I am asked to solve this problem, and I know how to solve congruences of degree $2$ modulo a prime $p$, but note that $85=5\cdot 17$ is a product of two primes.

On the fly I managed to rewrite the expression as $(x-3)(x+3)\equiv 0 \pmod{85}$, and then since $(5,17)=1$, $5\cdot 17 | (x-3)(x+3)$ implies $5|(x-3)(x+3)$ and $17|(x-3)(x+3)$.

Thus I tried expanding to two simultaneous congruences where the moduli are prime:

$$x^2 \equiv 9 \equiv 4 \pmod{5}$$ $$x^2 \equiv 9 \pmod{17}$$

which I now know how to solve, for instance, the first congruence can be done by inspection as $x\equiv 2,3$ are the only such solutions (there are only four to check). I further conclude that $x=2+5k,3+5k'$ for $k,k' \in \mathbb{Z}$, and plug these values into the second equation:

$$(2+5k)^2 \equiv 4+10k+10k+25k^2 \equiv 4+20k+25k^2 \equiv 4+3k+8k^2 \equiv 9 \pmod{17}$$ $$(3+5k')^2 \equiv 9+15k'+15k'+25k'^2 \equiv 9+30k'+25k'^2 \equiv 9+13k'+8k'^2 \equiv 9 \pmod{17}$$

thus $8k^2+3k-5\equiv 0 \pmod{17}$ and $8k'^2+13k' \equiv 0 \pmod{17}$ where $d=b^2-4ac = (3)^2-4(8)(-5)=13^2$ and $d'=b^2-4ac = 13^2-4(8)(0)=13^2$ thus from my book it states that both are solvable and with solutions:

$$k = \frac{-3\pm 13}{16}$$ $$k'=\frac{-13 \pm 13}{16}$$

where $\frac{1}{16}=16$ is the inverse of $16$ modulo $17$ thus we get:

$k\equiv (-3+13)\cdot 16 \equiv 10\cdot 16 \equiv 160 \equiv 7 \pmod{17}$

$k \equiv (-3-13)\cdot 16 \equiv -16\cdot 16 \equiv -(16)^2 \equiv -1 \equiv 16 \pmod{17}$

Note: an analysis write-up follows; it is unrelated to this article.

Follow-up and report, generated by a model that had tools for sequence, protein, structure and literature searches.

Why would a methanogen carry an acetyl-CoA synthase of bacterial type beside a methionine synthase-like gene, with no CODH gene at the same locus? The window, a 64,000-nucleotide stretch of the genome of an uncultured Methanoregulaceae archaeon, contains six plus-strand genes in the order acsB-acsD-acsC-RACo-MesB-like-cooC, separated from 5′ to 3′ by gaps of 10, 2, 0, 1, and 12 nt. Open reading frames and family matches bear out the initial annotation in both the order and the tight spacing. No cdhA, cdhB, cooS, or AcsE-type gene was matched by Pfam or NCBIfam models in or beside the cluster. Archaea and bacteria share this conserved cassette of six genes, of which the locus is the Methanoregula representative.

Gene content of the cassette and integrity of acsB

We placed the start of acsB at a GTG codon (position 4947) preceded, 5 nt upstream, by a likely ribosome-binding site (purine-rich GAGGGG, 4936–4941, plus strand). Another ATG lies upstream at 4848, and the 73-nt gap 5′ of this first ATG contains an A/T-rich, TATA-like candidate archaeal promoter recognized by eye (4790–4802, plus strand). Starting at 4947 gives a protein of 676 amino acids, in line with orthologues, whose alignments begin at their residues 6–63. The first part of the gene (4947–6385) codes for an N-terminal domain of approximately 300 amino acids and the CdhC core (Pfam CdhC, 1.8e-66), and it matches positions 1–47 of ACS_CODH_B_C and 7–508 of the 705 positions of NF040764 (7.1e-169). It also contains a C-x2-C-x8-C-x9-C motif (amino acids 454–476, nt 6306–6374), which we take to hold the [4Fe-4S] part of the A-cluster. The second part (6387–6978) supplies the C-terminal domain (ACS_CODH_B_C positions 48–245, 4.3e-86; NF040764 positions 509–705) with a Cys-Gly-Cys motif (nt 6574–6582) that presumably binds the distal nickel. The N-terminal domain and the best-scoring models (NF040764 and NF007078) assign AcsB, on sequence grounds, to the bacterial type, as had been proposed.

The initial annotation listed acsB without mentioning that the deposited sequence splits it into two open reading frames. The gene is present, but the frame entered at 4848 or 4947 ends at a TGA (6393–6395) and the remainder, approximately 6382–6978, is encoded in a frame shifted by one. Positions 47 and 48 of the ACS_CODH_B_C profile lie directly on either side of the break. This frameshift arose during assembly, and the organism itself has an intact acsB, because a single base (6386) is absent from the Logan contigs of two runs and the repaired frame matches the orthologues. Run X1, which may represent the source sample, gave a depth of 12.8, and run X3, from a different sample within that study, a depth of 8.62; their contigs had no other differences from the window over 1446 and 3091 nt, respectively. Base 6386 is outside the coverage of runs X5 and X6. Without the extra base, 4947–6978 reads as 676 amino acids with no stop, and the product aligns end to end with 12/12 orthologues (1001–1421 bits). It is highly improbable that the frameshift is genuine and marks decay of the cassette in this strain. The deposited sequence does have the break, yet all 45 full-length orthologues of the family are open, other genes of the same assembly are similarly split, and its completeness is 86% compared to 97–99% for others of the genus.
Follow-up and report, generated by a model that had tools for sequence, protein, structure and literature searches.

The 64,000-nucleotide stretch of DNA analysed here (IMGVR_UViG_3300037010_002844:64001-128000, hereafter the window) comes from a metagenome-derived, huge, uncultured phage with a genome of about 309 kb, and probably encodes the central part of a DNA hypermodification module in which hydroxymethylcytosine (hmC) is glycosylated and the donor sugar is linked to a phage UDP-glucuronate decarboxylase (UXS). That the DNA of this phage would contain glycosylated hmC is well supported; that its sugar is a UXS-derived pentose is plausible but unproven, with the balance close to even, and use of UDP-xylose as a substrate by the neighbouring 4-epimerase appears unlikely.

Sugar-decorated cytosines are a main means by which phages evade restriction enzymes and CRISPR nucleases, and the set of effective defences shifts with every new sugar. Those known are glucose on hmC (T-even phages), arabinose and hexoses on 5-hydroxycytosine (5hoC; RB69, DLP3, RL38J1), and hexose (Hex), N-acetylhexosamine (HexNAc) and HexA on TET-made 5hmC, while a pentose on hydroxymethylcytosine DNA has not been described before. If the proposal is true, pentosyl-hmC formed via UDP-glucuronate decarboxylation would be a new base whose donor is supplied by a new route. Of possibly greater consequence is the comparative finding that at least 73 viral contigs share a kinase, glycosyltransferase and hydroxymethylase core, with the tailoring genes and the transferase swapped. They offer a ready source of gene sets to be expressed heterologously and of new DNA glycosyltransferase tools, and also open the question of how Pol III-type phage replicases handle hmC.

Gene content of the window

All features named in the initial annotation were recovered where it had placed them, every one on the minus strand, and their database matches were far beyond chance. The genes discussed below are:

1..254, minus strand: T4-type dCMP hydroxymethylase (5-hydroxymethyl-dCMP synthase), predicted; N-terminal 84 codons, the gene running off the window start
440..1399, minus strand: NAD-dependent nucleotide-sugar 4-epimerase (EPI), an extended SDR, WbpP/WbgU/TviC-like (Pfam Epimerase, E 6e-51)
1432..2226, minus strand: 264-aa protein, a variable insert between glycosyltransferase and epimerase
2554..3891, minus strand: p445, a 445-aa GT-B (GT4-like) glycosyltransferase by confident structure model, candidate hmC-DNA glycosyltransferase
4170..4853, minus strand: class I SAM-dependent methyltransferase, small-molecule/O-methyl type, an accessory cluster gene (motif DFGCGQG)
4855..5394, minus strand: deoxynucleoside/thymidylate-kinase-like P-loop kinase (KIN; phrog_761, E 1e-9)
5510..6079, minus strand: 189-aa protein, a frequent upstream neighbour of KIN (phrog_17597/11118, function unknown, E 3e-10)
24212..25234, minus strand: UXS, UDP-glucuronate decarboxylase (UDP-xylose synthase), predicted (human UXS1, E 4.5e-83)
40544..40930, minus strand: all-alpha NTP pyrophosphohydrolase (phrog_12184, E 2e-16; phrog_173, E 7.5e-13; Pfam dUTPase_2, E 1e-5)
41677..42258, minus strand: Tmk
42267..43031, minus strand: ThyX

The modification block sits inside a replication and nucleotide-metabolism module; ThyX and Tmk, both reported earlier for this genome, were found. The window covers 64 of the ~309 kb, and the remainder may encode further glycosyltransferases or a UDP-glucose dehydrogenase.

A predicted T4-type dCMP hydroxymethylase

$k'\equiv (-13+13)\cdot 16 \equiv 0\cdot 16 \equiv 0 \pmod{17}$

$k' \equiv (-13-13)\cdot 16 \equiv -26\cdot 16 \equiv -8 \equiv 9 \pmod{17}$

and finally $2+5(7+17\ell) =37 +85\ell, \:\:2+5(16+17\ell) =82 +85\ell,\:\:3+5(0+17\ell) =3 +85\ell,\:\:3+5(9+17\ell) =48 +85\ell$ for $\ell \in\mathbb{Z}$.

$x \equiv 3,37,48,82\pmod{85}$. I ran a computer check and it gave me the same four numbers so I guess it's correct.

Is my approach correct?

Maybe I was lucky with this method for this particular problem, but I'm wondering when would my approach break down?

Because I've never seen congruences of degree $2$ where the modulus is not prime, let alone powers or multiples of primes.

  • 1
    $\begingroup$ I've reopened the question. In the future: could we maybe at least explain to the user how to find the information they are looking for in the "duplicate" that is not an exact duplicate? If we're more experienced this may seem an easy task, but usually OPs are learning the ropes and making the connection is not immediate! $\endgroup$
    – Pedro
    Apr 7, 2021 at 10:08
  • $\begingroup$ Here you can find the generic method to solve your problem. $\endgroup$
    – Pedro
    Apr 7, 2021 at 10:09

1 Answer 1


Your method is absolutely correct, and it works generically under the name of "Chinese Remainder Theorem". Essentially, the result says that if $m_1,\ldots,m_t$ are pairwise coprime then a system of equations of the form

$$\begin{cases} x= a_1 \mod m_1 \\ \hphantom{W}\vdots \\ x= a_t \mod m_t \end{cases}$$

has a unique solution modulo $m = m_1\cdots m_t$. The algorithm you followed to find solutions is indeed correct, and is one way of approaching your problem.

Another quicker way goes as follows:

  1. from $x^2=9\mod 17$ you get that $x=3$ or that $x=-3=14 \mod 17$, since $17$ is prime.
  2. from $x^2=4\mod 5$ you get that $x=2$ or that $x=-2=3\mod 5$, since again $5$ is prime.

Now you need to find $x$ such that $(x\mod 5,x\mod 17) = (a,b)$ where $(a,b)$ runs through the four possible pairs you have obtained. To do this, you can note that the inverse of $5$ modulo $17$ is $7$, and hence all answers are obtained by computing

$$a+5\cdot 7\cdot(b-a) \mod 85.$$

This indeed what you obtained.


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